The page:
On December 22, 2020, the U.S. Department of Labor (DOL) issued its final rule modifying federal regulations concerning compensation for “tipped employees.” The new final rule follows 2018 federal legislation, which amended the Fair Labor Standards Act (FLSA) to, among other things, prohibit employers from keeping their employees’ tips “for any purposes, including allowing managers or supervisors to keep any portion of employees’ tips” even if they do not claim a tip credit.
The FLSA generally requires covered employers to pay their employees at least the federal minimum wage, which is currently $7.25 per hour. An exception applies to tipped employees (employees who customarily and regularly receive more than $30 per month in tips), who generally earn the bulk of their total compensation through tips. The FLSA permits an employer that fulfills certain requirements to credit a portion of the tips received by their tipped employees toward their minimum wage obligation to those employees – the “tip credit.”
Practically speaking, under the FLSA qualified employers can pay tipped employees as little as $2.13 per hour (as of December 2020), provided the employee’s tips meet or exceed the amount of the tip credit, such that they always earn at least the federal minimum wage of $7.25 per hour. If the tipped employee does not earn sufficient tips to effectively meet the federal minimum wage, the employer must pay additional wages to cover the difference. Notably, if the value of the employee’s tips is such that the employee’s hourly compensation exceeds the federal minimum wage, the employer must still pay at least $2.13 per hour to the tipped employee.
The 2018 Amendments to the FLSA
In 2018, Congress enacted a variety of amendments to the FLSA. One of the key amendments prohibited employers from keeping tips received by employees for any purpose, “including allowing managers or supervisors to keep any portion of employees’ tips, regardless of whether or not the employer takes a tip credit.” In response to this amendment, in 2019 the DOL sought to amend various regulations concerning tipped employees, which ultimately resulted in the DOL’s final rule.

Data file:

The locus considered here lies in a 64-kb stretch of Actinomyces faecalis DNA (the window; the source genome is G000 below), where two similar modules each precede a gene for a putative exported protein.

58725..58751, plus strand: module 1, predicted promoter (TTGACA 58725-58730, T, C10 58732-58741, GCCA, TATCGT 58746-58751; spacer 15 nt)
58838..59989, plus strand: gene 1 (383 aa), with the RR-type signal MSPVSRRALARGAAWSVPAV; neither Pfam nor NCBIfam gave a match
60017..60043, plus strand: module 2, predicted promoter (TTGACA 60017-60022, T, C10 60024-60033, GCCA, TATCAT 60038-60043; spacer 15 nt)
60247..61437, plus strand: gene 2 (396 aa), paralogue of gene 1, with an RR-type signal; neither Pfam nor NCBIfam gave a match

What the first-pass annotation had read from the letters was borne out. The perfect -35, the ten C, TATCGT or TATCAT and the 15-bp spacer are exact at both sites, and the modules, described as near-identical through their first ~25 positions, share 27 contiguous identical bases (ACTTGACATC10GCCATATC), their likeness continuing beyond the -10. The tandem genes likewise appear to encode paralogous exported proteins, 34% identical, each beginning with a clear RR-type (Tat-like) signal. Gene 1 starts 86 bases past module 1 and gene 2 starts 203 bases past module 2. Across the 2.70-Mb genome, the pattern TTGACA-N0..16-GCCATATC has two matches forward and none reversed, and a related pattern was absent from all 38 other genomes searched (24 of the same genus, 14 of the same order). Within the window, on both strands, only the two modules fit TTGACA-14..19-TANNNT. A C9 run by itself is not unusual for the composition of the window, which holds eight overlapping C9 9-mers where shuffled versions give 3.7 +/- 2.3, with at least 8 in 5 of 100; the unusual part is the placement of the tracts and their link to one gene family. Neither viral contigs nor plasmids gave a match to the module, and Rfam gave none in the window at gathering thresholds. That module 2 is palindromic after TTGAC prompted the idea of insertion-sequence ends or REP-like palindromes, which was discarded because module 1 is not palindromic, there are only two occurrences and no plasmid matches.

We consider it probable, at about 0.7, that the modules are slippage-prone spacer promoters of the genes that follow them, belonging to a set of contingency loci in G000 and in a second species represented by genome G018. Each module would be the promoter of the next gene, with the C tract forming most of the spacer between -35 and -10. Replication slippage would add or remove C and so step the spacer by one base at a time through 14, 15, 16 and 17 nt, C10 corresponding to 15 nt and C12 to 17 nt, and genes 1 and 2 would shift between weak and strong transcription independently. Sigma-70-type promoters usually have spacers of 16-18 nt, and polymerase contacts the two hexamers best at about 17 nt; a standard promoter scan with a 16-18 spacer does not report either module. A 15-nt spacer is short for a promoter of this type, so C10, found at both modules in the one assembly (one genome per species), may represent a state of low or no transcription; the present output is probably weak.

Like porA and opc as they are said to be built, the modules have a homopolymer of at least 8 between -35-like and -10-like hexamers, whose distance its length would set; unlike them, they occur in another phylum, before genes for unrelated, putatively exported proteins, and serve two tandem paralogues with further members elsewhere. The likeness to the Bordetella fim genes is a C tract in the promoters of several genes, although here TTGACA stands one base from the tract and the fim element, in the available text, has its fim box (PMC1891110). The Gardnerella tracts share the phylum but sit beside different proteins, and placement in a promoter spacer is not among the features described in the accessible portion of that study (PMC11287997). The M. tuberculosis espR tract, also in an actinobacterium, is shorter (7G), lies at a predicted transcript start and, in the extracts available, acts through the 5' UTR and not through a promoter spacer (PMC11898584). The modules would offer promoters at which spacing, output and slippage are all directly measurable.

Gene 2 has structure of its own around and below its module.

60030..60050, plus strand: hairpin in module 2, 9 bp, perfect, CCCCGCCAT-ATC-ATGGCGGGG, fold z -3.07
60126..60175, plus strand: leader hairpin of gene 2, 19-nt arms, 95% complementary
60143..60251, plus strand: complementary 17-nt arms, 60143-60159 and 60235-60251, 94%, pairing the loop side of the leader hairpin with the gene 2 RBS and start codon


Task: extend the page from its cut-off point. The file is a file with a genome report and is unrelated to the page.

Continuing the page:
What Does The Final Regulation Accomplish?
Under the final rule:
An employer may exert control over tips only to:
Promptly distribute tips to the covered employee/employees;
Require employees to share tips with other eligible employees; or
Where the employer facilitates tip pooling by collecting and redistributing employees’ tips, promptly distribute tips to eligible employees in a tip pool.
Employers may mandate a nontraditional tip pool that includes tipped employees (such as servers) and nontipped employees (such as cooks), provided that: (1) the pool does not include any employers, managers, or supervisors; and (2) the employer does not pay the tipped employees using a tip credit but instead pays them the full minimum wage without applying any tip credit.
Prior to the passage of the 2018 FLSA amendments, DOL regulations prohibited employers from requiring tipped employees to share tips with non-tipped employees.
Where an employee performs tipped and non-tipped duties, the employer may take a tip credit for non-tipped duties performed, so long as (1) the duties are related to the employee’s tipped occupation (i.e., a waiter cleans the table after a customer leaves); and (2) the related duties must be performed either contemporaneously with the tip-producing activities or within “a reasonable time immediately before or after” the tipped activities.
This provision eliminates the widely-used, but never formally codified “80/20” approach, which provided a heavily litigated demarcation line for employers to follow.
The final rule does not define “a reasonable time immediately before or after.”
Employers will be required to (1) identify on their payroll or other records each employee who receives tips; and (2) keep records of the weekly/monthly amount of tips received by each employee..
When does the Final Rule Come into Effect?
The final rule takes effect 60 days after it is published in the Federal Register. As of the date of this writing, the final rule has not been published in the Federal Register.
A Word of Caution for California Employers
California employers should note that the DOL’s finalized tip regulations, like the FLSA in general, often bear limited assistance in maintaining compliance with California state laws and regulations concerning compensation owed to tipped employees.
As an example, California Labor Code Section 351 prohibits an employer from applying a tip credit toward a tipped employee’s compensation – therefore precluding a less-than-minimum wage pay structure for tipped employees. While California law does not prohibit employer-mandated tip pooling (or voluntary tip pooling), the California Division of Labor Standards and Enforcement (DLSE) regulates tip pooling differently than the DOL. Thus, California employers should consult with their counsel prior to taking action in response to the DOL’s final rule.
 The 80/20 approach did not permit employers to take a tip credit if a tipped employee spent more than 20 percent of time worked performing non-tipped duties. For such employees, the employer would be required to pay at least their full minimum wage.